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Cost of five-year fixed rate mortgage drops to less than 3.5%

Date online: 26/05/2015

The average cost of a five-year fixed rate mortgage has fallen below the typical price paid for a two-year loan last year, figures showed today.

Intense competition in the mortgage market has driven down the price of a five-year fixed rate deal to an average of just 3.45 per cent.

"Longer-term fixed rates provide borrowers with extra security"

At this level, the cost of a five-year loan is now significantly below the average interest rate of 3.37 per cent that was charged on a two-year fixed rate mortgage in May 2014.

Charlotte Nelson, finance expert at, said: “The cost of the average five-year fixed rate mortgage has fallen significantly over the past year with many providers launching the lowest ever rates.

“Longer-term fixed rates provide borrowers with extra security, and to be able to secure a five-year fixed deal at two-year prices is unheard of.”

The figures came as minutes from the Bank of England’s Monetary Policy Committee meeting in May showed members had voted unanimously to keep interest rates on hold at their current record low of 0.5 per cent.

Economists are now predicting the first increase to the Bank Rate will not come until the first half of 2016.

The MPC also repeated its previous guidance that when rates did start to rise, they would do so more gradually than in previous cycles, while the Bank Rate was likely to remain below average historical levels for some time to come.

Vicky Redwood, chief UK economist at Capital Economics, said: “The key message is that the next move in interest rates will be up, but not for some time.”

She added that market expectations were for rates to start rising in the middle of next year.”

Confirmation that interest rates are likely to remain low for longer should help to boost activity levels in the housing market, as lower borrowing costs help property remain affordable despite rising prices.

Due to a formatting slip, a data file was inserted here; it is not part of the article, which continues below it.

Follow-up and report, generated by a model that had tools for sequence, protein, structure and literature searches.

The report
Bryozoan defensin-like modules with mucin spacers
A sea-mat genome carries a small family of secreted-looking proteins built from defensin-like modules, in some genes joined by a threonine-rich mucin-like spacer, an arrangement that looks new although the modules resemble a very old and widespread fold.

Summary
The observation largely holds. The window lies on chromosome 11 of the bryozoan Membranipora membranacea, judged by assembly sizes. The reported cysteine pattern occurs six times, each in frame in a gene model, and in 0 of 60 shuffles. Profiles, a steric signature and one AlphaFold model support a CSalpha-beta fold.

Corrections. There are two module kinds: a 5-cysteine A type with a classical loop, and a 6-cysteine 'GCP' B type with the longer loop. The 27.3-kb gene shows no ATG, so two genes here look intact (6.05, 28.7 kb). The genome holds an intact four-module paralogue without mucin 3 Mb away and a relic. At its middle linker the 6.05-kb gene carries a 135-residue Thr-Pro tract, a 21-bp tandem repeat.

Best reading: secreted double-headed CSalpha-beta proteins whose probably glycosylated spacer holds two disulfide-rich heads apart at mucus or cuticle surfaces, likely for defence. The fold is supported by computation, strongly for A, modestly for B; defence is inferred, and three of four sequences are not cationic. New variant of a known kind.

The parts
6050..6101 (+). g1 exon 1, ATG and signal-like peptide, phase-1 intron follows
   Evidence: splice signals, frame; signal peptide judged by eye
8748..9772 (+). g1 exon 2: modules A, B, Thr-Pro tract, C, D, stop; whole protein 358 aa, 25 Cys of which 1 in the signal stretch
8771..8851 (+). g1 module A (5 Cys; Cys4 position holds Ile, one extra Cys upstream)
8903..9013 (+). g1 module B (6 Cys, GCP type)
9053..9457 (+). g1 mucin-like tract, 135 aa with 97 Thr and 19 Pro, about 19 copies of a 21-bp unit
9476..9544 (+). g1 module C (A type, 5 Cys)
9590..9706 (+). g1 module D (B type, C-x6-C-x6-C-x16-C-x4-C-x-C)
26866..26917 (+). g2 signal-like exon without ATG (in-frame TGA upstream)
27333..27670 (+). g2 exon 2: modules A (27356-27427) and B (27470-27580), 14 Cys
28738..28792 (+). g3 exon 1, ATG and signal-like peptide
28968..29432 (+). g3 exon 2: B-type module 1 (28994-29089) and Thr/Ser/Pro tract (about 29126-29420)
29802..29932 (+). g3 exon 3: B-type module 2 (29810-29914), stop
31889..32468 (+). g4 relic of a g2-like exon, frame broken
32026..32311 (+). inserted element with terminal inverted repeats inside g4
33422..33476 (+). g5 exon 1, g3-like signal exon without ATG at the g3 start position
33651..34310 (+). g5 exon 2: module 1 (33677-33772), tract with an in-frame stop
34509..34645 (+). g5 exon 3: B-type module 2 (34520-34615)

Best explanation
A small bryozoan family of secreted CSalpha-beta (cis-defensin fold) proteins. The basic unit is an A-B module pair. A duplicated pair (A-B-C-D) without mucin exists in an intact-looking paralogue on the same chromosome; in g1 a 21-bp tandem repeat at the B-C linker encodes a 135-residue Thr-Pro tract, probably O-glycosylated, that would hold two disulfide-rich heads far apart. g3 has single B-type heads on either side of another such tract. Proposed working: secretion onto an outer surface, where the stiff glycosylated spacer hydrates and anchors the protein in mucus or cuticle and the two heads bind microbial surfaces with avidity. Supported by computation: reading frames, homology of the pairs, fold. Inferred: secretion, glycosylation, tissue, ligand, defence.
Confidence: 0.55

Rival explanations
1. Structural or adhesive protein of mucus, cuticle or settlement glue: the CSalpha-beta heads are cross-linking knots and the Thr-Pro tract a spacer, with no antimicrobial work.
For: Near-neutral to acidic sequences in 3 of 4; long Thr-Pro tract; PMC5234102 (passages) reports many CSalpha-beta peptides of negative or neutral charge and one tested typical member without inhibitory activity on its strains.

In its Agents’ Summary of Business Conditions report, also released today, the Bank of England confirmed activity levels in the property market had remained below the levels seen last year.

It added that there had also been reports of a slowdown in the run up to the General Election, particularly among potential sellers, who were holding off putting their home on the market due to expectations conditions would be more buoyant in the second half of the year.

Their decision to wait had exacerbated existing supply shortages.

On a brighter note, it said the rental market had continued to expand, supported by a growth in buy-to-let activity.

But it added that so far, there had been no evidence to suggest the recent liberalisation to pension laws had led to increased investment in property.

Property commentators had previously expressed concerns that people would reinvest their pension pots in property, leading to a flood of homes being made available to rent, and pricing first-time buyers out of the market.


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